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Financial Services Law Insights and Observations


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  • FTC says misleading online endorsements may result in fines

    Federal Issues

    On October 13, the FTC issued a warning to more than 700 companies, including top advertisers, leading retailers, top consumer product companies, and major advertising agencies. The warning stated that the companies may face fines over misleading online endorsements. Citing the “rise of social media,” which has “blurred the line between authentic content and advertising,” the FTC used its Penalty Offense Authority to place companies on notice that they could face significant civil penalties of up to $43,792 per violation should a company “engage[] in conduct that it knows has been found unlawful in a previous FTC administrative order, other than a consent order.” The notice outlines several practices determined by the FTC to be unfair or deceptive in previous administrative cases, such as: “falsely claiming an endorsement by a third party; misrepresenting whether an endorser is an actual, current, or recent user; using an endorsement to make deceptive performance claims; failing to disclose an unexpected material connection with an endorser; and misrepresenting that the experience of endorsers represents consumers’ typical or ordinary experience.” Additional FTC resources are available to help companies follow the law when advertising products and services.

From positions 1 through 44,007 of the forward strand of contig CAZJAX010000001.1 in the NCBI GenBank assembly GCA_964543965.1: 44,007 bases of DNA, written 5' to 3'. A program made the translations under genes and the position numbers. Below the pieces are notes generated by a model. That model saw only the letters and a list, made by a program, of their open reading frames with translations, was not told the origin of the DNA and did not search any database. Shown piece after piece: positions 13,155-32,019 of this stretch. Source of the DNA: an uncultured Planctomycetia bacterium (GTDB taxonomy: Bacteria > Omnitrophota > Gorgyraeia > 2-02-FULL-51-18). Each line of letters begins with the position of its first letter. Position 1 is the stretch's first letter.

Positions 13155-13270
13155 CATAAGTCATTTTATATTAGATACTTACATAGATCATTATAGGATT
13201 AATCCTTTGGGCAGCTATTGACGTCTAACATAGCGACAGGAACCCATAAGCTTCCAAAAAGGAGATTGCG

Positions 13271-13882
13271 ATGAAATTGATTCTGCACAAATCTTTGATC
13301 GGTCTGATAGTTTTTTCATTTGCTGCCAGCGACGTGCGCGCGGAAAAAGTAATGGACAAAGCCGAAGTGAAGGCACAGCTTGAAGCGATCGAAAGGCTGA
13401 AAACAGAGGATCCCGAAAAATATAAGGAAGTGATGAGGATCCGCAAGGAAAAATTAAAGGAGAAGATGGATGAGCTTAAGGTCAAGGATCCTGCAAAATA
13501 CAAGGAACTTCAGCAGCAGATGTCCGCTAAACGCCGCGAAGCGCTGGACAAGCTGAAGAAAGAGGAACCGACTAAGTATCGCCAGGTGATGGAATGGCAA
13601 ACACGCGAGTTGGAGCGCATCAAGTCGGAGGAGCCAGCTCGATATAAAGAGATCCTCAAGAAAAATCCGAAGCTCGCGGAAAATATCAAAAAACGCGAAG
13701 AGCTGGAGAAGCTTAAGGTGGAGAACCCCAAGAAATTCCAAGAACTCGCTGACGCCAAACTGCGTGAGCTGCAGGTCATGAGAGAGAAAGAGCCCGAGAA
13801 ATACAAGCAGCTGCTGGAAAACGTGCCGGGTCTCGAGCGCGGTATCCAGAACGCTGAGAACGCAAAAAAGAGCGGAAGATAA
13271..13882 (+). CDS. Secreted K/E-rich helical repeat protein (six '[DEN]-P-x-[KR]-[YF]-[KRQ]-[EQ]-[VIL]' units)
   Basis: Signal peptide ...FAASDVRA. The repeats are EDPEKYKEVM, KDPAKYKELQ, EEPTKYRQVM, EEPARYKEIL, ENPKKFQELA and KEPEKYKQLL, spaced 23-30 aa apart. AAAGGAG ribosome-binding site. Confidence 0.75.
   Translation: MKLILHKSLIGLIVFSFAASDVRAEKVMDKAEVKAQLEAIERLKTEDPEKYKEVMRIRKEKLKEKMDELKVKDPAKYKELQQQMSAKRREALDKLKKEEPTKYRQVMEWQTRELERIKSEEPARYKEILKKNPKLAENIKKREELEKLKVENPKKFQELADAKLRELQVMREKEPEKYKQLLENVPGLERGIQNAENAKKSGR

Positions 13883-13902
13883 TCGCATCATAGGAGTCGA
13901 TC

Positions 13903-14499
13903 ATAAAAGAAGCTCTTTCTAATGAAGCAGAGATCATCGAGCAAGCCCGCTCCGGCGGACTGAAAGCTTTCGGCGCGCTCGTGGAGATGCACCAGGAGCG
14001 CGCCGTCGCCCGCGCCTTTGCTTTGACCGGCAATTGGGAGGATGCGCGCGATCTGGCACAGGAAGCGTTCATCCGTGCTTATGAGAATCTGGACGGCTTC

As previously covered by InfoBytes, earlier this month the FTC sent a similar notice to for-profit higher education institutions under the Penalty Offense Authority, advising against making false promises about their graduates’ job and earnings prospects. 

    Federal Issues FTC Enforcement Penalty Offense Authority Agency Rule-Making & Guidance Endorsements

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  • FTC resurrects authority to penalize for-profit education institutions

    Federal Issues

    On October 6, the FTC unanimously resurrected the Penalty Offense Authority under Section 5 of the FTC Act to deter for-profit higher education institutions from engaging in certain unlawful practices. The Commission sent notices to 70 of the nation’s largest for-profit institutions to inform them that the FTC is “cracking down on any false promises they make about their graduates’ job and earnings prospects and other outcomes and will hit violators with significant financial penalties.” The notice outlines several practices previously found to be unfair or deceptive that could lead to civil penalties of up to $43,792 per violation and puts institutions on alert that they could incur significant sanctions should they engage in certain unlawful practices. Commissioner Rohit Chopra, who was recently confirmed as Director of the CFPB, issued a statement commending the initiative, noting that “[u]nder the FTC’s Penalty Offense Authority, the Commission and the Attorney General can seek substantial civil penalties against companies that engage in practices where they had knowledge that the practices were previously determined by a prior Commission order to be illegal.” This is a particularly important tool, Chopra stressed, given the U.S. Supreme Court’s decision in AMG Capital Management, LLC v. FTC, which unanimously held that Section 13(b) of the FTC Act “does not authorize the Commission to seek, or a court to award, equitable monetary relief such as restitution or disgorgement” (covered by InfoBytes here).

    Federal Issues FTC FCPA Enforcement FTC Act For-Profit College Agency Rule-Making & Guidance Penalty Offense Authority

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